SpareBank 1 SMN aims for a management buffer of about 1 per cent over and above the combined Pillar 1 and Pillar 2 requirements with a view to absorbing fluctuations in risk weighted assets and in the group’s financial results. The Ministry of Finance raised the systemic risk buffer for IRB banks by 1.5 per cent to 4.5 per cent with effect from 31 December 2020. In its planning the group includes a full countercyclical buffer.
The CET1 ratio rose 0.7 percentage points in the fourth quarter. Risk weighted assets were reduced by 2 percentage points in the fourth quarter, mainly as a result of reduced risk weights, reduced counterparty risk and a reduced capital need related to liquidity and bond holdings. The fourth quarter result contributed to a 2 per cent strengthening of CET1 capital. A payout ratio of 50 per cent of net profit is assumed.
A leverage ratio of 7.1 per cent (7.5 per cent) shows that the bank is financially very solid. The bank will continue to focus on capital efficiency and effectiveness with a view to strengthening its profitability and financial soundness.
The book value of the equity certificate (EC) at 31 December 2020 was NOK 94.71 (90.75), and earnings per EC were NOK 8.87 (12.14).
The Price / Income ratio was 11.01 (8.26) and the Price / Book ratio was 1.03 (1.10). The group’s quoted capital totalled NOK 12.6bn at year-end (13.0bn). Taking into account the ratio of EC capital to total equity, the group is worth NOK 19.7bn.
At year-end the EC was priced at NOK 97.60, and a dividend of NOK 5.00 per EC was paid in 2020 for the year 2019.
Growth prospects in the global economy are heavily impacted by the Covid-19 pandemic. Infection protection measures introduced in a number of countries entailed lockdown of social life and business, leading in turn to a substantial reduction in economic activity. The start-up of vaccination strengthens the likelihood that the economy will pick up again through 2021, but continued contagion outbreaks and lockdowns make for great uncertainty as to developments ahead. The bank has limited exposure to industries that are particularly exposed.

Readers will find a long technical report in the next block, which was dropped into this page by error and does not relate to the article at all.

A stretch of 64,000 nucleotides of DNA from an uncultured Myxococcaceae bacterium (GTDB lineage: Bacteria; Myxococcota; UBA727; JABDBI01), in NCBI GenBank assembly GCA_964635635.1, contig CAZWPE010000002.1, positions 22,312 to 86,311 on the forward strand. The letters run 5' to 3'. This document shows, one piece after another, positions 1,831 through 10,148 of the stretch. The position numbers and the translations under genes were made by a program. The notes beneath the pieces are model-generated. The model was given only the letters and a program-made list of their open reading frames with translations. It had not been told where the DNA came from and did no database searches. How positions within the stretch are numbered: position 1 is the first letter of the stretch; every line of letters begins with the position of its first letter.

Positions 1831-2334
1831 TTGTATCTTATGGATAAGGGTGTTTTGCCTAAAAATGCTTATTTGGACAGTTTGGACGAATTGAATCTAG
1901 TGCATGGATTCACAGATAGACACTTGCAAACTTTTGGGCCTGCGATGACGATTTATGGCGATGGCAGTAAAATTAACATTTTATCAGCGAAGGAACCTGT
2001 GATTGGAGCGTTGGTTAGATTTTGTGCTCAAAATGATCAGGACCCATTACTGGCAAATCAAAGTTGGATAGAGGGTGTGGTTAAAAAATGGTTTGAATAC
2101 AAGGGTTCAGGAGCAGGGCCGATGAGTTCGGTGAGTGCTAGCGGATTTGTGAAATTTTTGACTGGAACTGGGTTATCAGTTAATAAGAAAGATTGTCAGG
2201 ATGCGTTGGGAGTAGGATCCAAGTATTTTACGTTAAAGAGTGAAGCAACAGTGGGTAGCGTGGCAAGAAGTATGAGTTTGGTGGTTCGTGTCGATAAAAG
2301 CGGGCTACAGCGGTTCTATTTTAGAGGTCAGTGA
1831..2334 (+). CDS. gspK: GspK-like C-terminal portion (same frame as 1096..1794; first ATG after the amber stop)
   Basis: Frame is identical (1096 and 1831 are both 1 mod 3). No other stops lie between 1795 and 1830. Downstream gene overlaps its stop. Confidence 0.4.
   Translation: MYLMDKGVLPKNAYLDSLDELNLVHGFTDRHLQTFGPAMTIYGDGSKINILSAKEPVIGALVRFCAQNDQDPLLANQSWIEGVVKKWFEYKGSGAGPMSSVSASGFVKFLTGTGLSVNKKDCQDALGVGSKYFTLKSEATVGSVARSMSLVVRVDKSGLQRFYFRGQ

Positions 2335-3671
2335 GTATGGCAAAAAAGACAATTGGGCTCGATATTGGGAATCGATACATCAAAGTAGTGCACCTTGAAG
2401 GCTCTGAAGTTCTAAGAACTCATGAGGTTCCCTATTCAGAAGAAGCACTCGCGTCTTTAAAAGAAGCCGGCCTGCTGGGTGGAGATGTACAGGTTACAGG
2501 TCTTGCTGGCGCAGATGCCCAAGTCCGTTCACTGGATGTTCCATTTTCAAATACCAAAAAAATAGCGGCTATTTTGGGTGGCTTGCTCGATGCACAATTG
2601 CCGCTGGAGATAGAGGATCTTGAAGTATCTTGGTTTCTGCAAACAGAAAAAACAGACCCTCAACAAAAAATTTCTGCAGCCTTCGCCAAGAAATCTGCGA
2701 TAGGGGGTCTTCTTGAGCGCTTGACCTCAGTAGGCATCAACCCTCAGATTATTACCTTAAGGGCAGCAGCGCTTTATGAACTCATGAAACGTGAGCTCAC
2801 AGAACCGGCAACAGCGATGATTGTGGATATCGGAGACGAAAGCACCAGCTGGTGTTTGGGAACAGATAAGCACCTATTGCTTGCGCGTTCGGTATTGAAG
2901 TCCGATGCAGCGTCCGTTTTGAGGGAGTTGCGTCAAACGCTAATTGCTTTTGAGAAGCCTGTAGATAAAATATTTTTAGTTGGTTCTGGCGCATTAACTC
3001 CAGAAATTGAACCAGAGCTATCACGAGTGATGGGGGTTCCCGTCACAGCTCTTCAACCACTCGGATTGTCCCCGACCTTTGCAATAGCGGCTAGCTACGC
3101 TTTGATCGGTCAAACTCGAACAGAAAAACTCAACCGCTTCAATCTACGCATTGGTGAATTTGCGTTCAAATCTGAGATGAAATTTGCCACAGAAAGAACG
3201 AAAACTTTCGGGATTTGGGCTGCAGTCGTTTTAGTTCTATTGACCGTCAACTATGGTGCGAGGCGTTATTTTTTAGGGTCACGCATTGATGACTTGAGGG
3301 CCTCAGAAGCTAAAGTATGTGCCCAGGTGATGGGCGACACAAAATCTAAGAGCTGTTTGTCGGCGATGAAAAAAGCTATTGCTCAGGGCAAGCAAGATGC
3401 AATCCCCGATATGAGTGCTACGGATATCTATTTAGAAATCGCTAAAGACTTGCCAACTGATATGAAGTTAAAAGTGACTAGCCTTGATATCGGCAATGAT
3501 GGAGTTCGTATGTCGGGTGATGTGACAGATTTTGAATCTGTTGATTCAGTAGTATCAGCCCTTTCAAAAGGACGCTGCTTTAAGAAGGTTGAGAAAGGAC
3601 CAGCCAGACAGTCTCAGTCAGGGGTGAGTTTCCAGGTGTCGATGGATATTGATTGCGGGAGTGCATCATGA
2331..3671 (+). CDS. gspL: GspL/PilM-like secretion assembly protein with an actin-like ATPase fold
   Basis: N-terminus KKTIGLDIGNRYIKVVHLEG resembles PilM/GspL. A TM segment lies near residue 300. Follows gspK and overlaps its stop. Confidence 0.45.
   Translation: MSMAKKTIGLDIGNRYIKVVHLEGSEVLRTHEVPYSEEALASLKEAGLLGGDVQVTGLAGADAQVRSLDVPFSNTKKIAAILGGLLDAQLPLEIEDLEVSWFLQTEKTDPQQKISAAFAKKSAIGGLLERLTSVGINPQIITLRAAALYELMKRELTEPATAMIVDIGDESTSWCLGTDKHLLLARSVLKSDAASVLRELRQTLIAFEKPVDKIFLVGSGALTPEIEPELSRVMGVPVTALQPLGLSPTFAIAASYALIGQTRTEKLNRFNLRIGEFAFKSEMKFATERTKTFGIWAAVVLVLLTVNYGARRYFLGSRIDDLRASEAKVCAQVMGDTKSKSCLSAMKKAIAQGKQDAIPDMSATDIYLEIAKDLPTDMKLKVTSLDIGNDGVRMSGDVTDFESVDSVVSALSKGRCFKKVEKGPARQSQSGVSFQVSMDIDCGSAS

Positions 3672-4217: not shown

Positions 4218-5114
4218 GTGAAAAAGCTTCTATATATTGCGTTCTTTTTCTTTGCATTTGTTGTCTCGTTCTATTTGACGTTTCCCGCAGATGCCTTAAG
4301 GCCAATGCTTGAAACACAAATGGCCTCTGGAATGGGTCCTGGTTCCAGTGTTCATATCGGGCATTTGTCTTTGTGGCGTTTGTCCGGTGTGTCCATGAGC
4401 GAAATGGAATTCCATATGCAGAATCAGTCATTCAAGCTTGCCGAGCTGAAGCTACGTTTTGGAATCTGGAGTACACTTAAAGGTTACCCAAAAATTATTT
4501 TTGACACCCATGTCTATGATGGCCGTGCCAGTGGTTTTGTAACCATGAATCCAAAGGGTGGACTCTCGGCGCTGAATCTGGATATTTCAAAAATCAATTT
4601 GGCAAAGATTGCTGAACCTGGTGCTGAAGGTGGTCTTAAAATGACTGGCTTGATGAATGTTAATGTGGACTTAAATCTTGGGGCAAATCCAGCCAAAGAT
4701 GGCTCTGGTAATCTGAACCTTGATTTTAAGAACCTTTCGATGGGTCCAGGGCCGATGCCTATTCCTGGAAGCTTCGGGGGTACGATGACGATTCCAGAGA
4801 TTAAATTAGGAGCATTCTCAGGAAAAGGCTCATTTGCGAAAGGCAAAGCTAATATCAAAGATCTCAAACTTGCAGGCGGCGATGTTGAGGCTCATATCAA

The oil price and the Norwegian krone has strengthened since the end of the third quarter. The record-high unemployment rate has been halved. Unemployment is expected to remain at a higher level than prior to the coronavirus crisis, and in some industries, such as hospitality and transport, unemployment remains very high. The key policy interest rate was lowered to zero per cent in May, and Norges Bank expects the policy rate to remain at the present level for a good while to come.
When businesses in Norges Bank’s regional network were interviewed in November, they expressed continued great uncertainty. This uncertainty is reflected in low investment plans for 2021. The economic effects of the virus outbreak and the infection protection measures have been dampened by very wide-ranging support measures and an expansionary monetary policy. In its latest forecasts, Statistics Norway revised the fall in Mainland (non-oil) GDP from 3.2 per cent to 3 per cent for 2020, and GDP growth of 3.7 per cent in 2021. The bank assumes and expects Norway’s very strong financial position to provide government authorities with unique opportunities to implement compensatory measures. This will contribute to mitigating the negative effects of the Covid-19 crisis.
The regional economy is also clearly impacted by the negative effects of the infection protection measures. Unemployment in Trøndelag and Møre and Romsdal was just over 9 per cent at the end of the first quarter, but has more than halved and stood at 3 per cent in Trøndelag and 3.5 per cent in Møre and Romsdal in December 2020. After a house price fall at the end of the first quarter, house prices picked up somewhat, well assisted by record-low mortgage rates.